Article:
As to how to spice up Sprint Planning meetings, that one is a bit tougher in my view. My advice would be to again change up the format, or maybe a better way to say this is, as a Scrum Team member, suggest that the team try a different format. AFAIK, there are not a lot of well documented Sprint Planning Meeting formats. I have one that I have not yet published, and it's very rough or I would give access to it.

    One way to find out about different formats is to observe other teams, and then bring the new ideas to your team. I've also found that people are less bored when they are all very involved in the planning session, and when the planning session is as short as possible. You can try pairing people up to task out stories, etc.

    Or, alternatively, you can give us a rough view of how your Sprint Planning normally flows and we can give you some ideas for different things to try.

    Hope this helps!
    Giovani Oboli
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    Giovani Oboli

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    21 Sep 2012 11:14 AM
    Thanks a lot!
    Jill Graves
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    Jill Graves

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    21 Sep 2012 12:59 PM
    I, too, am a fan of switching up the Retro format. The team likes to evaluate the different formats and we repeat ones that they like. Once they even suggested their own format/game which provided lots of valuable feedback. I don't think it is a way to entertain them but a way to take a repetitive event and make interesting...and also retain its value. I think all the ones on Richard's blog are good to try.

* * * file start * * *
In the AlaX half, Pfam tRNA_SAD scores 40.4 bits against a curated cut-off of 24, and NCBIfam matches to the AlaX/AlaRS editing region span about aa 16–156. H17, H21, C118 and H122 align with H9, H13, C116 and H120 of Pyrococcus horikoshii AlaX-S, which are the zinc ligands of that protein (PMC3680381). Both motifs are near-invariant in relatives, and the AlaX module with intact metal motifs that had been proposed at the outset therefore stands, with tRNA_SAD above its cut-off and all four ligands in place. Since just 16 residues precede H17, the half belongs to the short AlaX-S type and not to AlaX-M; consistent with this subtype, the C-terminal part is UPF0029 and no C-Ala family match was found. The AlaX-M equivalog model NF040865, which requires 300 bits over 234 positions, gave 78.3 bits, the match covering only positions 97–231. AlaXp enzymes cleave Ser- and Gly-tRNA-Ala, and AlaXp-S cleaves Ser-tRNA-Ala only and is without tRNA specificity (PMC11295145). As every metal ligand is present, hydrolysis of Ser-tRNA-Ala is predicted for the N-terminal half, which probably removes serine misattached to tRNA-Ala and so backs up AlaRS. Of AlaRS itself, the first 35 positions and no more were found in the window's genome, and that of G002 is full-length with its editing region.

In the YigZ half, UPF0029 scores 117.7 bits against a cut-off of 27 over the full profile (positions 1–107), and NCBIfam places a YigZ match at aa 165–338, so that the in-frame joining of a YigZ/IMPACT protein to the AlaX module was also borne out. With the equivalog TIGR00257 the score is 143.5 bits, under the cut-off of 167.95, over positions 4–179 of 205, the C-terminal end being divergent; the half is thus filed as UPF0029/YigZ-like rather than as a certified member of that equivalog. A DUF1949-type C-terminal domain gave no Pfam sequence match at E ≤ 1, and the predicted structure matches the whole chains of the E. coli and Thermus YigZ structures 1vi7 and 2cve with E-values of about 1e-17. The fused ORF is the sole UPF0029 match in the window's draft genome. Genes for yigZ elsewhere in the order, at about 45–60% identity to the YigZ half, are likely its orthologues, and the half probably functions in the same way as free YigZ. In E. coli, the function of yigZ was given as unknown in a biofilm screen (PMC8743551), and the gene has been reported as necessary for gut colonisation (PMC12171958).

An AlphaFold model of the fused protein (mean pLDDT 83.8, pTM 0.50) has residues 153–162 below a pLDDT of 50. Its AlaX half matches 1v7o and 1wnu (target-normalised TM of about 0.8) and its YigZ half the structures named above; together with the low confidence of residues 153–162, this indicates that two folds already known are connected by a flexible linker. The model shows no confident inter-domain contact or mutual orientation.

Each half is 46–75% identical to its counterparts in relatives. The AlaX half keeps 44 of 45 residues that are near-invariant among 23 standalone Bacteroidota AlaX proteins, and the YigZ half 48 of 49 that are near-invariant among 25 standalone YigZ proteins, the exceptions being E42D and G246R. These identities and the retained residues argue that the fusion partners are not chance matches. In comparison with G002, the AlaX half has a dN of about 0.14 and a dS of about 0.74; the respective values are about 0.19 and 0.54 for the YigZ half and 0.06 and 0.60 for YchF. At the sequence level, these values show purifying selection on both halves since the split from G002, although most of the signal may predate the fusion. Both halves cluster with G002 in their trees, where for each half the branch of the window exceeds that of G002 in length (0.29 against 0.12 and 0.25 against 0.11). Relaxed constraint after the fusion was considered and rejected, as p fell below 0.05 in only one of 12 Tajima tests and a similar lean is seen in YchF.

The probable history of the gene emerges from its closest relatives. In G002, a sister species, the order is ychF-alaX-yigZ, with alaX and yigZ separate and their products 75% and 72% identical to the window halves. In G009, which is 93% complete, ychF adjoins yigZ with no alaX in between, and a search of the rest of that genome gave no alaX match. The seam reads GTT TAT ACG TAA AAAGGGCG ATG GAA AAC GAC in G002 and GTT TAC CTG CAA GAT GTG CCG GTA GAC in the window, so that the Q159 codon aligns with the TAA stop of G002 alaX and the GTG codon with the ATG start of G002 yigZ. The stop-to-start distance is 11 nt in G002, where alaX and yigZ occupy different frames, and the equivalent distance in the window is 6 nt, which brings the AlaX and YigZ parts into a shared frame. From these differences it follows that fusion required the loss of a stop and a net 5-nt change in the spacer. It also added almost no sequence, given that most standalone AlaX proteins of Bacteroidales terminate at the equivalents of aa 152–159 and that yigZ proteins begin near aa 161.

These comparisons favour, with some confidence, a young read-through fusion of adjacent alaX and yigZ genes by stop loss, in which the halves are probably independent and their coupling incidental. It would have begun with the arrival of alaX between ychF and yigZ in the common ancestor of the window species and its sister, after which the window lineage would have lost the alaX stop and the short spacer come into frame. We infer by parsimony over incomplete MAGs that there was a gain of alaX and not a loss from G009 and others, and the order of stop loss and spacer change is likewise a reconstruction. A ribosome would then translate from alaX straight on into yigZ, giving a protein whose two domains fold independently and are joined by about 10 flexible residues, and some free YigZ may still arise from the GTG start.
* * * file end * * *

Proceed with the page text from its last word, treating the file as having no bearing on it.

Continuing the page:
Charles Bradley
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    Charles Bradley

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    21 Sep 2012 01:20 PM
    Giovanai,

    You are most welcome. Try to come back and tell us how it goes! :-)
    Sebastian Radics
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    Sebastian Radics

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    18 Nov 2012 03:08 PM
    Some ideas how to energize your restrospectives: [BR]
    [LIST]
    [*] vary your ways in the moderation. Use card walls or the floor, sticky notes or task cards
    [*] use post cards as an opener
    [*] Introduce your team's happieness index
    [*] Show the importance of team work by some games -Play the NASA space game with your team - to show that the team is more than an individual; Play the Sin-Obelisk - to show the importance of moderation and teamwork
    [/LIST]

    [br] [br]More details on this are described on: [BR] [URL]http://yascrum.blogspot.de/2012/11/...;/URL] [BR] [BR] How we do the retrospectives - maybe this already contains some other elements you use currently: [BR] [URL]http://yascrum.blogspot.de/2012/11/...;/URL]
    Sebastian Radics
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    Sebastian Radics

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    18 Nov 2012 03:12 PM
    Some ideas how to energize your restrospectives:

    * vary your ways in the moderation. Use card walls or the floor, sticky notes or task cards
    * use post cards as an opener
    * Introduce your team's happieness index
    * Show the importance of team work by some games -Play the NASA space game with your team - to show that the team is more than an individual; Play the Sin-Obelisk - to show the importance of moderation and teamwork


    More details on this are described on:
    http://yascrum.blogspot.de/2012/11/...ns-to.html

    How we do the retrospectives - maybe this already contains some other elements you use currently:
    http://yascrum.blogspot.de/2012/11/...adapt.html